SRv6: Segment Routing for IPv6
This is a memo intended to contain documentation of the VPP SRv6 implementation. Everything that is not directly obvious should come here. For any feedback on content that should be explained please mailto:email@example.com
Segment routing is a network technology focused on addressing the limitations of existing IP and Multiprotocol Label Switching (MPLS) networks in terms of simplicity, scale, and ease of operation. It is a foundation for application engineered routing as it prepares the networks for new business models where applications can control the network behavior.
Segment routing seeks the right balance between distributed intelligence and centralized optimization and programming. It was built for the software-defined networking (SDN) era.
Segment routing enhances packet forwarding behavior by enabling a network to transport unicast packets through a specific forwarding path, different from the normal path that a packet usually takes (IGP shortest path or BGP best path). This capability benefits many use cases, and one can build those specific paths based on application requirements.
Segment routing uses the source routing paradigm. A node, usually a router but also a switch, a trusted server, or a virtual forwarder running on a hypervisor, steers a packet through an ordered list of instructions, called segments. A segment can represent any instruction, topological or service-based. A segment can have a local semantic to a segment-routing node or global within a segment-routing network. Segment routing allows an operator to enforce a flow through any topological path and service chain while maintaining per-flow state only at the ingress node to the segment-routing network. Segment routing also supports equal-cost multipath (ECMP) by design.
Segment routing can operate with either an MPLS or an IPv6 data plane. All the currently available MPLS services, such as Layer 3 VPN (L3VPN), L2VPN (Virtual Private Wire Service [VPWS], Virtual Private LAN Services [VPLS], Ethernet VPN [E-VPN], and Provider Backbone Bridging Ethernet VPN [PBB-EVPN]), can run on top of a segment-routing transport network.
The implementation of Segment Routing in VPP covers both the IPv6 data plane (SRv6) as well as the MPLS data plane (SR-MPLS). This page contains the SRv6 documentation.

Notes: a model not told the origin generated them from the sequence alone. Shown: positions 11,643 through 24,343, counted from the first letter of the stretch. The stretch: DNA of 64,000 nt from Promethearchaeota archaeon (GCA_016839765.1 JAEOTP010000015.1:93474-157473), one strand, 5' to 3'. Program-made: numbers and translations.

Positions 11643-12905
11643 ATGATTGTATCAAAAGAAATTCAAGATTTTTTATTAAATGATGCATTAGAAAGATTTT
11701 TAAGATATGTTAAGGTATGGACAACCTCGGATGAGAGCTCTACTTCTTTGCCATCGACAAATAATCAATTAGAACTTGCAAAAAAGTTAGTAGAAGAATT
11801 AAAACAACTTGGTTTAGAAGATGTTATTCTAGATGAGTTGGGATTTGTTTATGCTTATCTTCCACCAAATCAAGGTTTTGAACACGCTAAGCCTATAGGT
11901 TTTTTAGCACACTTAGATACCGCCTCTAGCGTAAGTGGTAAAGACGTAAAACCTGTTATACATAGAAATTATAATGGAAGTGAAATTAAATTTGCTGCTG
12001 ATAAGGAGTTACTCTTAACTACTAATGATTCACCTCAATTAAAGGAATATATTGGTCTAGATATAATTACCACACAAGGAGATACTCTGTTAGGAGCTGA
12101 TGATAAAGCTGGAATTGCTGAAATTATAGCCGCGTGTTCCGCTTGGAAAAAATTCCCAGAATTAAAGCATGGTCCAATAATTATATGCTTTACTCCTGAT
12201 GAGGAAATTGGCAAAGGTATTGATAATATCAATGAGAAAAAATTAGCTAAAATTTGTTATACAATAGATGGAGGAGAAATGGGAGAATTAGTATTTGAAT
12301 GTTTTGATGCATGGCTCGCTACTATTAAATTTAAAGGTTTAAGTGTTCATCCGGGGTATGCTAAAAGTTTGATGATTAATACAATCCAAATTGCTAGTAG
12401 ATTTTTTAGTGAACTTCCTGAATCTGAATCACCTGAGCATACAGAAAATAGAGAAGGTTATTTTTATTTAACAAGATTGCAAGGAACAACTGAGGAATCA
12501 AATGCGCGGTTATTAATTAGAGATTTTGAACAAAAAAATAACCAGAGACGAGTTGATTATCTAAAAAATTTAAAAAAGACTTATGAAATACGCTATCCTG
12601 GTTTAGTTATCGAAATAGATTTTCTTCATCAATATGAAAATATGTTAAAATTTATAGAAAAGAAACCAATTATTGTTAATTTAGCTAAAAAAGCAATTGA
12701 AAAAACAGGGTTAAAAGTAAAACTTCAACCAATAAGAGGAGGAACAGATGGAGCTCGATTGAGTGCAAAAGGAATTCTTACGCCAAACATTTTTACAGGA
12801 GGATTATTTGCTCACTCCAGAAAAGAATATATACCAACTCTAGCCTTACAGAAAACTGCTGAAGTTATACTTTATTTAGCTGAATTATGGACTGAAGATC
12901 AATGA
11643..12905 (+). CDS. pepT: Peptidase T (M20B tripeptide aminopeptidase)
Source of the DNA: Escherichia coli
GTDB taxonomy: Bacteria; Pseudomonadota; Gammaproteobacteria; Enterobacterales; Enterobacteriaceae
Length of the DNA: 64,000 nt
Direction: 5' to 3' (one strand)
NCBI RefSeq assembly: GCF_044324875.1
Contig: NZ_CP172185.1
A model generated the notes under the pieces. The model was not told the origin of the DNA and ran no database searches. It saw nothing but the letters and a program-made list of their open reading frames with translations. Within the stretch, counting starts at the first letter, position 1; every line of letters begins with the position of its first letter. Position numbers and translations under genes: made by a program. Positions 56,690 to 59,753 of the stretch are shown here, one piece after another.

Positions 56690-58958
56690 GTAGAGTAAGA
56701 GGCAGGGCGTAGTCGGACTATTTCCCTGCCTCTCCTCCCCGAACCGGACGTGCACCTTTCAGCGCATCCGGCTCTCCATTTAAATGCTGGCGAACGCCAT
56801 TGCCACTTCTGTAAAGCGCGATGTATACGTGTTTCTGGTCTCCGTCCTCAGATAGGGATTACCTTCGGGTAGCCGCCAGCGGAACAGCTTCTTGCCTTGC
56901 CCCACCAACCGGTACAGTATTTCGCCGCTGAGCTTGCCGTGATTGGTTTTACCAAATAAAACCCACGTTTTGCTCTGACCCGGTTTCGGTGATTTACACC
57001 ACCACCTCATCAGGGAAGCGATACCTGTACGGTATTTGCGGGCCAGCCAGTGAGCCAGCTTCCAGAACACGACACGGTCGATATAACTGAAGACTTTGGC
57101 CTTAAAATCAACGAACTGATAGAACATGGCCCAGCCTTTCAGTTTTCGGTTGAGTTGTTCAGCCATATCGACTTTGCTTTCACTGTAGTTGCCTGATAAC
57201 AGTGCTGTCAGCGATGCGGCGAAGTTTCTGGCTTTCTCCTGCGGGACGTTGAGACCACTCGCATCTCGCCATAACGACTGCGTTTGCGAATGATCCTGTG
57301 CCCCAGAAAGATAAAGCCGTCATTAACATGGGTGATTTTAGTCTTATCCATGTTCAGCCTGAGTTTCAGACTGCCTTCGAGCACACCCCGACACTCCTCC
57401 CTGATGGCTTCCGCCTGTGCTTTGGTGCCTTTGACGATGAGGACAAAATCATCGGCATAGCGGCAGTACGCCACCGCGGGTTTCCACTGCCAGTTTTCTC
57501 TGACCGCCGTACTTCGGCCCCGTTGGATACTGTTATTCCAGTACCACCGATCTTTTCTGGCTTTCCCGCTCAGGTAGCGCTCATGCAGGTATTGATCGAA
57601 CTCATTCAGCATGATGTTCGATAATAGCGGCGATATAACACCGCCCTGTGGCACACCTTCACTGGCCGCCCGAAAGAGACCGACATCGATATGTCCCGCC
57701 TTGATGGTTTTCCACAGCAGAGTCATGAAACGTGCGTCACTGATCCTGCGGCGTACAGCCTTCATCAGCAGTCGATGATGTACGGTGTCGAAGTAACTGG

Segment Routing terminology
Segment Routing Header (SRH): IPv6 routing extension header of type ‘Segment Routing’. (draft-ietf-6man-segment-routing-header-05)
SegmentID (SID): is an IPv6 address.
Segment List (SL) (SID List): is the sequence of SIDs that the packet will traverse.
SR Policy: defines the SRH that will be applied to a packet. A packet steered into an SR policy may either receive the SRH by IPv6 header encapsulation (as recommended in draft-ietf-6man-rfc2460bis) or it could be inserted within an existing IPv6 header. An SR policy is uniquely identified by its Binding SID and associated with a weighted set of Segment Lists. In case several SID lists are defined, traffic steered into the policy is unevenly load-balanced among them according to their respective weights.
Local SID: is a SID associated with a processing function on the local node, which may go from advancing to the next SID in the SRH, to complex user-defined behaviors. When a FIB lookup, either in the main FIB or in a specific VRF, returns a match on a local SID, the associated function is performed.
BindingSID: a BindingSID is a SID (only one) associated one-one with an SR Policy. If a packet arrives with an IPv6 DA corresponding to a BindingSID, then the SR policy will be applied to such packet.
SRv6 Features in VPP
The SRv6 Network Programming (draft-filsfils-spring-srv6-network-programming) defines the SRv6 architecture.
VPP supports the following SRv6 LocalSID functions: End, End.X, End.DX6, End.DT6, End.DX4, End.DT4, End.DX2, End.B6, End.B6.Encaps.
For further information and how to configure each specific function: SR LocalSIDs
The Segment Routing Policy (draft-filsfils-spring-segment-routing-policy) defines SR Policies.
VPP supports SRv6 Policies with T.Insert and T.Encaps behaviors.
For further information on how to create SR Policies: Creating a SR Policy
For further information on how to steer traffic into SR Policies: Steering packets into a SR Policy
SRv6 LocalSID development framework
One of the ‘key’ concepts about SRv6 is network programmability. This is why an SRv6 LocalSID is associated with an specific function.
However, the true way to enable network programmability is allowing any developer easily create his own SRv6 LocalSID function. That is the reason why we have added some API calls such that any developer can code his own SRv6 LocalSID behaviors as plugins an add them to the running SRv6 code.
The principle is that the developer only codes the behavior -the graph node-. However all the FIB handling, SR LocalSID instantiation and so on are done by the VPP SRv6 code.
For more information please refer to: Sample SRv6 LocalSID documentation
Available SRv6 plugins include: